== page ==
Have you ever seen the show “Sister Wives?” I don’t even know if it’s still on the air, but I used to enjoy watching the occasional episode on TLC simply because it was so mind-boggling to me. Anyways, one of the wives was obsessed with the idea of having a family mission statement. She was adamant about getting the whole family together and creating this guiding statement for them all.
While I have no idea what their statement actually said (nor do I care), I was drawn to the idea of creating one. I haven’t seen an episode for YEARS and yet the concept has stuck with me all this time. Nate and I have so many grand ideas for Everly and our family, but I worried that without some serious intentionality those plans would never come to fruition.
We decided to create a family mission statement to help us laser in on what we want to accomplish as a family. As it turns out, this is a super Christiany thing to do and there are lots of websites with advice on how to write one. I combined different strategies from a few websites and Nate and I worked through the process over several nights. While researching, this quote struck me: “Although most parents have unspoken goals for their children — financial, spiritual, physical, emotional — these big ideas seldom translate into reality accidentally.” Reading this hammered home the importance of intentional parenting.
We didn’t answer every question on the document I’m attaching (link at the end of the post) but it was a great way to get our conversation started. We spent one night dedicated to this task and didn’t rush to move on to step two all in one session.
“A core value is something so central you would say, ‘Even if it’s harmful to us, we would still hold on to this value. Even if we had to pay penalties, even if we had to punish our children for violating it, even if we had to deny them something that would bring them pleasure, we would still hold to it.” -Authur, Jim Collins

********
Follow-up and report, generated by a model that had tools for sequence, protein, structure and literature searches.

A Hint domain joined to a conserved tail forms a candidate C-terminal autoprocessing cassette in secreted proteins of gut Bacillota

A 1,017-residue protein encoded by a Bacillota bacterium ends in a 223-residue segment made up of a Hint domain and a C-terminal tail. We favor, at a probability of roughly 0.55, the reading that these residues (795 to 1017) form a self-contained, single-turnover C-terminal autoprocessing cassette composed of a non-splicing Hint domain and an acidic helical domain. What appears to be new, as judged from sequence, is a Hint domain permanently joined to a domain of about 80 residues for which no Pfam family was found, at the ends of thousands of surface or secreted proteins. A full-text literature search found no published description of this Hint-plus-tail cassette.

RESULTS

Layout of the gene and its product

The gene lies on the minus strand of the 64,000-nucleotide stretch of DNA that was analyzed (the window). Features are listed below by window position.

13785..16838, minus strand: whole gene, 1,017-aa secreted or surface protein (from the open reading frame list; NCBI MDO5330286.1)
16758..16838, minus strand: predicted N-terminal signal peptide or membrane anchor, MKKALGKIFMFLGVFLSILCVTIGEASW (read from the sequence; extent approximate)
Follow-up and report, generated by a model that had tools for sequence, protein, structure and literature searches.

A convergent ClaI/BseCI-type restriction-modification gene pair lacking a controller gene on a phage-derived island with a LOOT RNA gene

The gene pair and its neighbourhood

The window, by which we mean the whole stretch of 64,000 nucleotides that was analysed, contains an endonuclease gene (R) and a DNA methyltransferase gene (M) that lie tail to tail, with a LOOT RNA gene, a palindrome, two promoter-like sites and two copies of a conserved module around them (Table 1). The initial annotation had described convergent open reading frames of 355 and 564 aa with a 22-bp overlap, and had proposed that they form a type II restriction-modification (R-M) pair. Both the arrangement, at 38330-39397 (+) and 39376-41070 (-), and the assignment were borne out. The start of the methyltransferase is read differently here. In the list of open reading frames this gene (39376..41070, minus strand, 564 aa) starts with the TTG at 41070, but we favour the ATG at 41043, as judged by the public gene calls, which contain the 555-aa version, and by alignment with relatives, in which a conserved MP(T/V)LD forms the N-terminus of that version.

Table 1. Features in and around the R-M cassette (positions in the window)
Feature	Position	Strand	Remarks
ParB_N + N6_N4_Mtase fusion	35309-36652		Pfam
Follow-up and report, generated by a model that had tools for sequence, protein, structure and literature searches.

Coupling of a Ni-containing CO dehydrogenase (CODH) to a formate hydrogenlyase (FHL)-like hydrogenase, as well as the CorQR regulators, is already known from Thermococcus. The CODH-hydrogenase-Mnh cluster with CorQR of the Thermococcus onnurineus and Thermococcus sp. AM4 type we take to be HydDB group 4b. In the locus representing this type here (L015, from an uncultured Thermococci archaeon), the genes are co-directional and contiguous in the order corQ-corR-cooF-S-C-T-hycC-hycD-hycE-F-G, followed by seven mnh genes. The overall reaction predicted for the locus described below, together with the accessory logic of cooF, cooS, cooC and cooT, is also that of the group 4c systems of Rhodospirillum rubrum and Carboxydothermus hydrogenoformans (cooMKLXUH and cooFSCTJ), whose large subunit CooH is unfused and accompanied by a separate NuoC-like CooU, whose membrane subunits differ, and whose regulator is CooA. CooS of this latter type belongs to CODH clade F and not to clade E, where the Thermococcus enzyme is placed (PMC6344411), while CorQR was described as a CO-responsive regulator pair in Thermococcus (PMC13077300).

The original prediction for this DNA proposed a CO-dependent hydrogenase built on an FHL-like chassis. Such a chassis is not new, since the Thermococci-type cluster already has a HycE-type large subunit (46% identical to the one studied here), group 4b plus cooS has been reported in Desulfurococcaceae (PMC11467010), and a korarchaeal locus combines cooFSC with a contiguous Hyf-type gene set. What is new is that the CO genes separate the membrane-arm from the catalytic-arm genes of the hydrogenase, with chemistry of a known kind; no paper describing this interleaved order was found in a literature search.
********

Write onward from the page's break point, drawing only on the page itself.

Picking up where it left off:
The quote above helped guide us in selecting our core values. Many of them came directly from our answers from our discussion questions or were inspired by a conversation we had while going over them. It was helpful to notice reoccurring words or phrases to identify values that seemed important to us both.
Micah 6:8 is a verse that Nate and I both value. “And what does the LORD require of you? To act justly and to love mercy and to walk humbly with your God.” Other than that, we didn’t have much else for this section so that was all we jotted down. Use these steps as a guide and don’t feel it’s conscripted. The process is simply meant to help you pinpoint what matters most to you.
Before crafting the statement, we went through our answers and identified reoccurring ideas. We then eliminated anything we didn’t feel was most important and tried to whittle down our list of must-haves into something more manageable. We found we had three “categories” of goals so we sorted our values into Family, Faith, and Service. If you search Pinterest for family mission statements, there is no one way to do it. You can create a poem, it can be bullet points, a paragraph, one sentence…whatever best captures the sentiments you are trying to communicate to yourself and family.